Richmond County (N.C.) Daily Journal, Jan. 8
Skokie Public Library: 30 years of musical talent
In 1981, the Skokie (Ill.) Public Library went where few libraries had gone before. Introducing a program called the Young Steinway Concert Series, the library wanted to celebrate the arts for young people in a big way. The program’s 2011–2012 season, which began in September to mark its 30th anniversary, continues to provide a performance venue for some of the brightest young musical talent in the region....
Skokie (Ill.) Review, Jan. 9
Library partners with fitness centers
Decatur (Ill.) Public Library has joined with a fitness center and the local YMCA to provide free-trial exercise classes and demonstrations throughout January. The classes focus on a range of different workout types to help people of all ages and skill levels. Some classes include tai chi, karate, Zumba, and Pilates. The library also offers free health screenings and monthly lectures through a partnership with a nearby hospital....
Decatur (Ill.) Herald and Review, Jan. 7
Mini-golfers take to the links . . . inside the library
Dawn Bussey, executive director of the Glen Ellyn (Ill.) Public Library, said she took note when a few libraries across the country started hosting indoor mini-golf tournaments. In 2011, she brought the idea to Glen Ellyn with the inaugural Swinging thru the Stacks event as a fundraiser ($5 a round). It raised $9,700 and attracted about 175 people. This year there will be a Snacks in the Stacks booth selling candy, popcorn, and other goodies....
Arlington Heights (Ill.) Daily Herald, Jan. 9
Bangladesh teacher arrested for placing banned book in school library
The principal of the Pirojpur Technical and Business Management College in southern Bangladesh was arrested for possession of a copy of Lajja (Shame), a famous novel by Bangladeshi writer Taslima Nasrin. Police found a copy in the school’s library. The book has been banned in the country since 1993 because it is considered blasphemous against Islam. The teacher, Yunus Ali, faces up to three years in prison, but he claims he was the victim of a conspiracy....
Asia News, Jan. 5
Funding dispute threatens Bosnian national library
Staff and visitors at the National and University Library of Bosnia (right) in Sarajevo put on extra layers of clothing January 6, as the heating was turned off after the library failed to pay its bills. The library is facing the same fate as Bosnia’s History Museum and its National Gallery, both recently closed because they could not pay for basic operating costs. All three institutions have run low on funds because of disputes over who is responsible for their financing....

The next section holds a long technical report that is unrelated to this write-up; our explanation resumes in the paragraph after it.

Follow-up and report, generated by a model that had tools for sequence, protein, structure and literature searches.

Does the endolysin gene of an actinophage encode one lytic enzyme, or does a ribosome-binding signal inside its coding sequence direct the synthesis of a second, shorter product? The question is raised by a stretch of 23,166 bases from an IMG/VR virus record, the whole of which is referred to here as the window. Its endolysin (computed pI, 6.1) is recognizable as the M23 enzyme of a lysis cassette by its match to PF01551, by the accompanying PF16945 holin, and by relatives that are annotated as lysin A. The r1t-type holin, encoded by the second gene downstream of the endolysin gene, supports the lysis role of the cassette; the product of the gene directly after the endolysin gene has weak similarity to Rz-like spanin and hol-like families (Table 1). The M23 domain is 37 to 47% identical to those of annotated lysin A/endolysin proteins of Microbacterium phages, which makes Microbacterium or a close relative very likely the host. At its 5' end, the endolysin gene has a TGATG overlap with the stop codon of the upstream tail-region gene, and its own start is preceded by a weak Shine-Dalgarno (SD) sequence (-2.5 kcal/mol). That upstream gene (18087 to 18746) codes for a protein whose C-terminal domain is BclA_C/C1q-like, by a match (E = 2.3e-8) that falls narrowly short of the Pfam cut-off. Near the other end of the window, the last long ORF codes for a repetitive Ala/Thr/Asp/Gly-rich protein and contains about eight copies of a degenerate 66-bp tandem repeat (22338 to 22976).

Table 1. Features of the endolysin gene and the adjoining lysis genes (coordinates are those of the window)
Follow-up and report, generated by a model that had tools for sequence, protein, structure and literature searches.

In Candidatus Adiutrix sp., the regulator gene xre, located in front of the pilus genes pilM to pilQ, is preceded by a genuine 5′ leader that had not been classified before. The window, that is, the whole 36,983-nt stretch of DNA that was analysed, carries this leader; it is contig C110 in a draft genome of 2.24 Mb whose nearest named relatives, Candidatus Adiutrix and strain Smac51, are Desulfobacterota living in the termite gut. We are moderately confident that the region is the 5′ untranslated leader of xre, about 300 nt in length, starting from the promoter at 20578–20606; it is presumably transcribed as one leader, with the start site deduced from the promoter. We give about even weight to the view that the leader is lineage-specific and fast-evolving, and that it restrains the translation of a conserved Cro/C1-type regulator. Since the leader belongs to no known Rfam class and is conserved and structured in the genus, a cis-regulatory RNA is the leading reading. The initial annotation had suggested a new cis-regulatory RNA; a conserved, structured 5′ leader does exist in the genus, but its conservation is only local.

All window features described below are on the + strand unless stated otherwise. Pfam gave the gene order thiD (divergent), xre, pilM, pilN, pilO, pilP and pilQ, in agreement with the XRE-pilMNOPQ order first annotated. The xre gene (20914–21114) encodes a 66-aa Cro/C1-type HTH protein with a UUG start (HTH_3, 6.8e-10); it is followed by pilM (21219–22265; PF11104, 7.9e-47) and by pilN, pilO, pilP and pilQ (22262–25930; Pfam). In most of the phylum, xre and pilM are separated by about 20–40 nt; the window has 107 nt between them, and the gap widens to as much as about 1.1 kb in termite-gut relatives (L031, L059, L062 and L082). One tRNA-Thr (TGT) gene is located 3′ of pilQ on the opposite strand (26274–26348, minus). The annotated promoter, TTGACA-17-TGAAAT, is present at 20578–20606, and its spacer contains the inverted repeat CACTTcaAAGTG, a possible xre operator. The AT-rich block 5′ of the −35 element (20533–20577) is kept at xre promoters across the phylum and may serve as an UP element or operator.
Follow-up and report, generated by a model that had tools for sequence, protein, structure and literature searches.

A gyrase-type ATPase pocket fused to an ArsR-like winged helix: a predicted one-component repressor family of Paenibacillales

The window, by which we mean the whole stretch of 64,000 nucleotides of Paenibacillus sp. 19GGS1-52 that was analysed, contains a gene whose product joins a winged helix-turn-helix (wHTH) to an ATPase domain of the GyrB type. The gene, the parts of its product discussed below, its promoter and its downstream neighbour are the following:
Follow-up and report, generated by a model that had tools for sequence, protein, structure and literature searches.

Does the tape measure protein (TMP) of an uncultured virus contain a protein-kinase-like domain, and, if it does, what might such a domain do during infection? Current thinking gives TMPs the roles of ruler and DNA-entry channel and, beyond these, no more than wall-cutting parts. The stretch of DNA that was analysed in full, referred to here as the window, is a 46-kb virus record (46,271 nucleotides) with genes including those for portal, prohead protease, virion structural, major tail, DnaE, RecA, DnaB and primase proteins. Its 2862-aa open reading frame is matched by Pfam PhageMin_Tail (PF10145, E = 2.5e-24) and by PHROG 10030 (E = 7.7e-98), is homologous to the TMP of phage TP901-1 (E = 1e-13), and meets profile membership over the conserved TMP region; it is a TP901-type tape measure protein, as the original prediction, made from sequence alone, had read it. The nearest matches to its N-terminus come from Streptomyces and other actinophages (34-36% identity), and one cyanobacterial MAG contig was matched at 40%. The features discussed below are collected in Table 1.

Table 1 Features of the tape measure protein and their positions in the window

Balkan Insight, Jan. 6
Go back to the Top
The coming war on general-purpose computing
Cory Doctorow writes: “The shape of the copyright wars clues us into an upcoming fight over the destiny of the general-purpose computer itself. It may seem like SOPA is the endgame in a long fight over copyright and the internet. But the reality is that copyright legislation gets as far as it does precisely because it’s not taken seriously by politicians. It’s why the World Intellectual Property Organization is gulled time and again into enacting crazed, pig-ignorant copyright proposals. We haven’t lost yet, but we have to win the copyright war first if we want to keep the internet and the PC free and open.”...
Boing Boing, Jan. 10
Forget SOPA: Build a better BitTorrent
Jon Brodkin writes: “While copyright owners test the legal limits of website takedown processes and push legislation greatly expanding powers to limit file sharing on the open internet, a company that helps corporations protect intellectual property argues there is a better way: Create more user-friendly services for acquiring legitimate content. Envisional’s head of piracy intelligence, David Price, said the large levels of pirated content downloaded on BitTorrent proves that copyright holders aren’t offering enough legitimate, user-friendly avenues to get content.”...
Ars Technica, Jan. 9
Photojojo lenses on an iPhone
David Lee King writes: “I recently purchased some iPhone photo/video lenses from Photojojo, and wanted to show you what they do to iPhone video. I bought the three-lens bundle, which includes a wide-angle/macro lens, a telephoto lens, and a fisheye lens. They actually work pretty well. Watch the video (2:03) to see the three lenses in action.”...
David Lee King, Jan. 9
Store, organize, annotate, and read your PDFs
Bobbi Newman writes: “I have been looking for the perfect PDF reader for a long time. Spending hours a day at the computer was killing my back; I needed a system and some tools, quick. I did some research and thought I’d share what works best for me. Here are my favorite tools and the why and how of their use.”...
Librarian by Day, Jan. 10
The library automation industry in 2012
Marshall Breeding writes: “As we enter a new year, I’d like to pause and consider some of the trends and events that I anticipate playing out in 2012. The predictions I made for 2011 largely held (see Smart Libraries Newsletter, February 2011). Given the momentum of developments and the issues currently in play, 2012 may turn out to be a very interesting year in the realm of library technologies.”...
ALA TechSource Blog, Jan. 10
Vizio brings first ultra widescreen TVs to US
Vizio has announced three CinemaWide TVs with a 21:9 aspect ratio—the first devices of that kind in the US market. The three TVs shown at the Consumer Electronics Show are a 50-inch, 58-inch, and 71-inch screen. They aren’t exactly new, but they will be new to US customers. The 21:9 (2.37) aspect ratio is close (but not identical) to the widescreen anamorphic cinema 2.39 format, which makes the TV-watching experience similar to watching a movie in the cinema....